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ERIC Number: EJ763348
Record Type: Journal
Publication Date: 2006
Pages: 4
Abstractor: ERIC
Reference Count: N/A
ISBN: N/A
ISSN: ISSN-1539-9664
A New New Federalism: The Case for National Standards and Tests
Petrilli, Michael J.; Finn, Chester E., Jr.
Education Next, v6 n4 p48-51 Fall 2006
According to these authors, the federal government has pushed far too deeply into the routines and operations of the nation's public schools, now regulating everything from teacher credentials to the selection of reading programs. Ironically, the one way to extricate Washington from the minutiae of K-12 education is to give it more power in one realm--specifically, the power to set national standards and tests--and then ask it to back off from just about everything else. The federal role in education has always been a disappointment and a frustration. For most of the American history, Uncle Sam steered clear of the issue; in the days of Jim Crow, this amounted to shameful neglect. After "Brown v. Board of Education" (1954) and the Elementary and Secondary Education Act (1965), the pendulum began to swing toward the other extreme: Washington became an overbearing, micromanaging schoolmarm, attempting to coerce equity, then excellence, from the K-12 system through regulation and bribery. This, too, has failed to produce schools of which the nation can be proud. In this article, the authors envision a radically different approach, a role reversal in which the federal government plays a much smaller role in the day-to-day affairs of local schools, but is much more specific about achievement expectations. Under this scenario, Washington would do three things--and only three things--in K-12 education: (1) fund high-quality research and data gathering; (2) distribute dollars (ideally through a formula weighted by student needs); and (3) measure the schools' progress with common standards and tests, just like other grown-up countries do. National standards and tests just might be the way out of the morass--and the way into the education future that the country needs.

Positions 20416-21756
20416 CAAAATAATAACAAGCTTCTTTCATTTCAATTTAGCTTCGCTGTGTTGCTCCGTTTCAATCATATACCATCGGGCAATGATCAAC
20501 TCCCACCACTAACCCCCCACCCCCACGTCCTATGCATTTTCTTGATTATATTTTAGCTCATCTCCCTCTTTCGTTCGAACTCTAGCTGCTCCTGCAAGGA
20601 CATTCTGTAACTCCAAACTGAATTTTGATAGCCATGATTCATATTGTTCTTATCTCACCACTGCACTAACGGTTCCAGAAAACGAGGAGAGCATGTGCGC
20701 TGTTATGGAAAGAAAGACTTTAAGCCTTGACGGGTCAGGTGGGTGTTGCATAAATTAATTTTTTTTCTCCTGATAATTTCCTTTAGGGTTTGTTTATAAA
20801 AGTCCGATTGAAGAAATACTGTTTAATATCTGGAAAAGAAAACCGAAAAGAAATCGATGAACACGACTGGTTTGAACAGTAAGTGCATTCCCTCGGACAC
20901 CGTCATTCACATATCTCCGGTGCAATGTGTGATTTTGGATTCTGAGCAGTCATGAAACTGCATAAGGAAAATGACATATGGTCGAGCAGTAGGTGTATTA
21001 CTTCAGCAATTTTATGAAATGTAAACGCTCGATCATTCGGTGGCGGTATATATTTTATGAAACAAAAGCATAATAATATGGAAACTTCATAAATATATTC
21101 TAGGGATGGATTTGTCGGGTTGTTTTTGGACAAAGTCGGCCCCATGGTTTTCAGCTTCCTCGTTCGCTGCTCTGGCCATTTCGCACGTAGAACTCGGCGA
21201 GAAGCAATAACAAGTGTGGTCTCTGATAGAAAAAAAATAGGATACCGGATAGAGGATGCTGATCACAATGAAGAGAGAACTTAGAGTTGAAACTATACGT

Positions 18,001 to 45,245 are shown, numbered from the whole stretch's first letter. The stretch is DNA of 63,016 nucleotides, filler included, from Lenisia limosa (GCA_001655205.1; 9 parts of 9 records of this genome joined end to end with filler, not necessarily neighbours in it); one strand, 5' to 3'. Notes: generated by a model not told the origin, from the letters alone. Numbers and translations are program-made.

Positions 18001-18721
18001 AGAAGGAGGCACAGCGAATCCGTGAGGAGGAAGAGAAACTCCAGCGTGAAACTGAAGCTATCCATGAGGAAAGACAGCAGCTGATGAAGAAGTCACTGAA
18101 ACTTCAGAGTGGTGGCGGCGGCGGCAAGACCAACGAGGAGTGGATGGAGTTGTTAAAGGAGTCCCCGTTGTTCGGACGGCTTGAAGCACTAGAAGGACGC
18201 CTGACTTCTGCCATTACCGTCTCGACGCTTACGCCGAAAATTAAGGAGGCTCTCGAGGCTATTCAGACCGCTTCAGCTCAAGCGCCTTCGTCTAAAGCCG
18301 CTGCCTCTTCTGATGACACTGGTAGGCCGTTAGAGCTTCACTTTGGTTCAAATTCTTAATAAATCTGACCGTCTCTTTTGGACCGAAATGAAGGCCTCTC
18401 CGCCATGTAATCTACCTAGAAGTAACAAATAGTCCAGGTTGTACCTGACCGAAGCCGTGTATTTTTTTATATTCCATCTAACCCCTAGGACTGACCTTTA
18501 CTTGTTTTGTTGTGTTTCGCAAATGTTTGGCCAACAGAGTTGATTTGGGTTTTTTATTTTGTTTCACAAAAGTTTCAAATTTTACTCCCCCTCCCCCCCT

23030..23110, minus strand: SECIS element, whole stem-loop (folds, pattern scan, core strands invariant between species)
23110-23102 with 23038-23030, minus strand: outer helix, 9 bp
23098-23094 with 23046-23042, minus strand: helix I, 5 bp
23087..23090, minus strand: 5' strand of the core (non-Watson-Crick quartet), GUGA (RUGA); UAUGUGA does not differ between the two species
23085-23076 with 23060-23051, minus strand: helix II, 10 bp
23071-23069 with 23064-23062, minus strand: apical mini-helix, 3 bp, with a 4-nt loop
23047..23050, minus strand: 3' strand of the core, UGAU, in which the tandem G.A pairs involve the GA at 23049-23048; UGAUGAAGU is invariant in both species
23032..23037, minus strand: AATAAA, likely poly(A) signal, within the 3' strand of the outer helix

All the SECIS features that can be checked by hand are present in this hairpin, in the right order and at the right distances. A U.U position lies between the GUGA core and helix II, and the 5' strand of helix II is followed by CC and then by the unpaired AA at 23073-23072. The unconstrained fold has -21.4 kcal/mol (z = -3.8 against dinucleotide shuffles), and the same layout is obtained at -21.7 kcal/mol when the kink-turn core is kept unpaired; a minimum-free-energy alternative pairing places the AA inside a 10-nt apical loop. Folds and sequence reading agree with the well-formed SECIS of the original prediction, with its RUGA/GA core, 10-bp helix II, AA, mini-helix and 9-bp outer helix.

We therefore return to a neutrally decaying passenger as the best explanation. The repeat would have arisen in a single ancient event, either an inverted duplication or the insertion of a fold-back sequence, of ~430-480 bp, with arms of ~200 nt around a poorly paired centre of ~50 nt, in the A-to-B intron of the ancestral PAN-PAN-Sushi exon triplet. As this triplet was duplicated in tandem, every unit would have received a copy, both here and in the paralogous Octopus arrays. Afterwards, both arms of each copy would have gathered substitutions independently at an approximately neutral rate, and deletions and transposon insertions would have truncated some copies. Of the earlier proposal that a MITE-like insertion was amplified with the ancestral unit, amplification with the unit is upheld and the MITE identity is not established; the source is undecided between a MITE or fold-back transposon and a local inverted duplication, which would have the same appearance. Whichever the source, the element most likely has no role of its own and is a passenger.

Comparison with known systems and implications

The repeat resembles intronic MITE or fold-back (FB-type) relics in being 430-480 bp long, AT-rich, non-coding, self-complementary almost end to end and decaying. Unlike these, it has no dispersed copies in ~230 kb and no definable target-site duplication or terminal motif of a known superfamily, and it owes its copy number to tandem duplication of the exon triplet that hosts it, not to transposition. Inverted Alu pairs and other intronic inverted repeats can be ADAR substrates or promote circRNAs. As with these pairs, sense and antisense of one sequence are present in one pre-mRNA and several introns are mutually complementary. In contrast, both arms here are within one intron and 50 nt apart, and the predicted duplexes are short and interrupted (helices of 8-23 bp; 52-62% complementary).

Hoover Institution. Stanford University, Stanford, CA 94305-6010. Tel: 800-935-2882; Fax: 650-723-8626; e-mail: educationnext@hoover.stanford.edu; Web site: http://www.hoover.org/publications/ednext
Publication Type: Journal Articles; Opinion Papers
Education Level: N/A
Audience: N/A
Language: English
Sponsor: N/A
Authoring Institution: N/A
Identifiers - Laws, Policies, & Programs: No Child Left Behind Act 2001